JAIC 1999, Volume 38, Number 2, Article 4 (pp. 162 to 175)
JAIC online
Journal of the American Institute for Conservation
JAIC 1999, Volume 38, Number 2, Article 4 (pp. 162 to 175)

CYCLODODECANE: TECHNICAL NOTE ON SOME USES IN PAPER AND OBJECTS CONSERVATION

IRENE BRÜCKLE, JONATHAN THORNTON, KIMBERLY NICHOLS, & GERRI STRICKLER



4 SUMMARY AND SUGGESTED FURTHER RESEARCH

As suggested in the conservation literature, cyclododecane appears to have potential for a variety of applications in different conservation specialties. The authors explored a few of these uses in paper and objects conservation. In both cases, they found that cyclododecane applied molten was more useful than when applied dissolved in an organic solvent, though there may also be potential for refinement of solvent application methods that also may be aided by solvent-saturated atmospheres (Hansen et al. 1993). While the test treatment results were not completely flawless in all cases, the purpose of the tests was to establish a range of possible practical applications of the material that will improve existing treatment methods. Future studies may consider a closer look at the process of cyclododecane sublimation from different substrates.

In paper conservation, future work may elucidate the way in which cyclododecane interacts with a greater variety of media and papers than were investigated here. It will be important, for example, to understand how cyclododecane interacts with deteriorated iron gall ink that is susceptible to flaking and/or is associated with paper embrittlement (van Gulik and Kersten-Pampiglione 1994; van der Windt 1997). Different cycloalkanes may be tested for comparison. Potential microscopic changes in the physical structure of the cyclododecane film during treatment should be checked under high magnification, such as scanning electron microscopy.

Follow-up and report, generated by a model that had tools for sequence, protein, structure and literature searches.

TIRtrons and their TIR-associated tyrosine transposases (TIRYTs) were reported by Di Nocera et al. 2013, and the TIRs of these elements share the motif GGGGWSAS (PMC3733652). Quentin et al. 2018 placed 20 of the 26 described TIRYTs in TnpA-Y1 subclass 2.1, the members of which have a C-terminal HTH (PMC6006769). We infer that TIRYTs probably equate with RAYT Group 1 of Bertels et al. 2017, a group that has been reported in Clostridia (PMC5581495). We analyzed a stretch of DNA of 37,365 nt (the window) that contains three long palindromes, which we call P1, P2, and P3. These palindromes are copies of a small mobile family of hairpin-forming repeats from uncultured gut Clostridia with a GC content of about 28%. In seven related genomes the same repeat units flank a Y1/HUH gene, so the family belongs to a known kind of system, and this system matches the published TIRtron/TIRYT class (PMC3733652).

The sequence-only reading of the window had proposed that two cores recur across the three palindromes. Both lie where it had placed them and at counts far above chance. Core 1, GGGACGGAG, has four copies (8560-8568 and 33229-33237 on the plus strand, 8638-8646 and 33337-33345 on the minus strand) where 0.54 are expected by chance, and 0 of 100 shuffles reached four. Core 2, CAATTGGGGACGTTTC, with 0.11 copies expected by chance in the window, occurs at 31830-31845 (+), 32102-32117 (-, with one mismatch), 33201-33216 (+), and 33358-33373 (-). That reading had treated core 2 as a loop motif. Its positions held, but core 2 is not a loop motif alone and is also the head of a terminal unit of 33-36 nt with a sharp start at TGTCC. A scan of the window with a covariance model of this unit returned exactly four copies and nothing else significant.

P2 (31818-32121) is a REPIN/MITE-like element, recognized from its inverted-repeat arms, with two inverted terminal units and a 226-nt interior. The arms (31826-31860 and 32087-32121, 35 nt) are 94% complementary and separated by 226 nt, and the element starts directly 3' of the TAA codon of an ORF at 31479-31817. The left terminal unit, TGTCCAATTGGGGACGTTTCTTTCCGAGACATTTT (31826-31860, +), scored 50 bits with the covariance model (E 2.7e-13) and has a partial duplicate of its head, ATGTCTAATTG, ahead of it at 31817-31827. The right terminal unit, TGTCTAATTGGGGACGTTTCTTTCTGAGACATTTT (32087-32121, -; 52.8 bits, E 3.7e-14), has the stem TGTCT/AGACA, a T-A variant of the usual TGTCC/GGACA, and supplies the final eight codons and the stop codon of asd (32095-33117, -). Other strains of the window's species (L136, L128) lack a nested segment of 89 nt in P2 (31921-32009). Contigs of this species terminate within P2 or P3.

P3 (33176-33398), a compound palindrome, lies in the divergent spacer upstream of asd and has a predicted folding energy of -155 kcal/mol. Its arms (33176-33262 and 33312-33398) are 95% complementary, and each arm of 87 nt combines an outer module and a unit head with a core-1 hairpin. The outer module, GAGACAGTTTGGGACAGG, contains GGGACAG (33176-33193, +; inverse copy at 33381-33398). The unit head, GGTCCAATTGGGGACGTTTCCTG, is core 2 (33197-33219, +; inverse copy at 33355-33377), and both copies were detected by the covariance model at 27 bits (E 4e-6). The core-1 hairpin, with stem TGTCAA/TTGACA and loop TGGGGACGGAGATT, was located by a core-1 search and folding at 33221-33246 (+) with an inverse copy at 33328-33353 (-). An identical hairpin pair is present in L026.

Other uses of cyclododecane not yet suggested in the literature pertain to diverse objects conservation problems. Cyclododecane might be used to prevent the imbedding of white fill materials into adjacent rough and porous surfaces, a phenomenon generally referred to as “ghosting.” It could be used to create detachable plaster and polymer fills in ceramics and glass conservation, a procedure previously accomplished with other isolating resins. Porous corrosion products could be impregnated with cyclododecane to allow the localized and topical use of acidic or basic cleaning reagents. It could be used as a masking material during aesthetic compensation of missing painted detail, particularly when using an airbrush.


Copyright © 1999 American Institute for Conservation of Historic and Artistic Works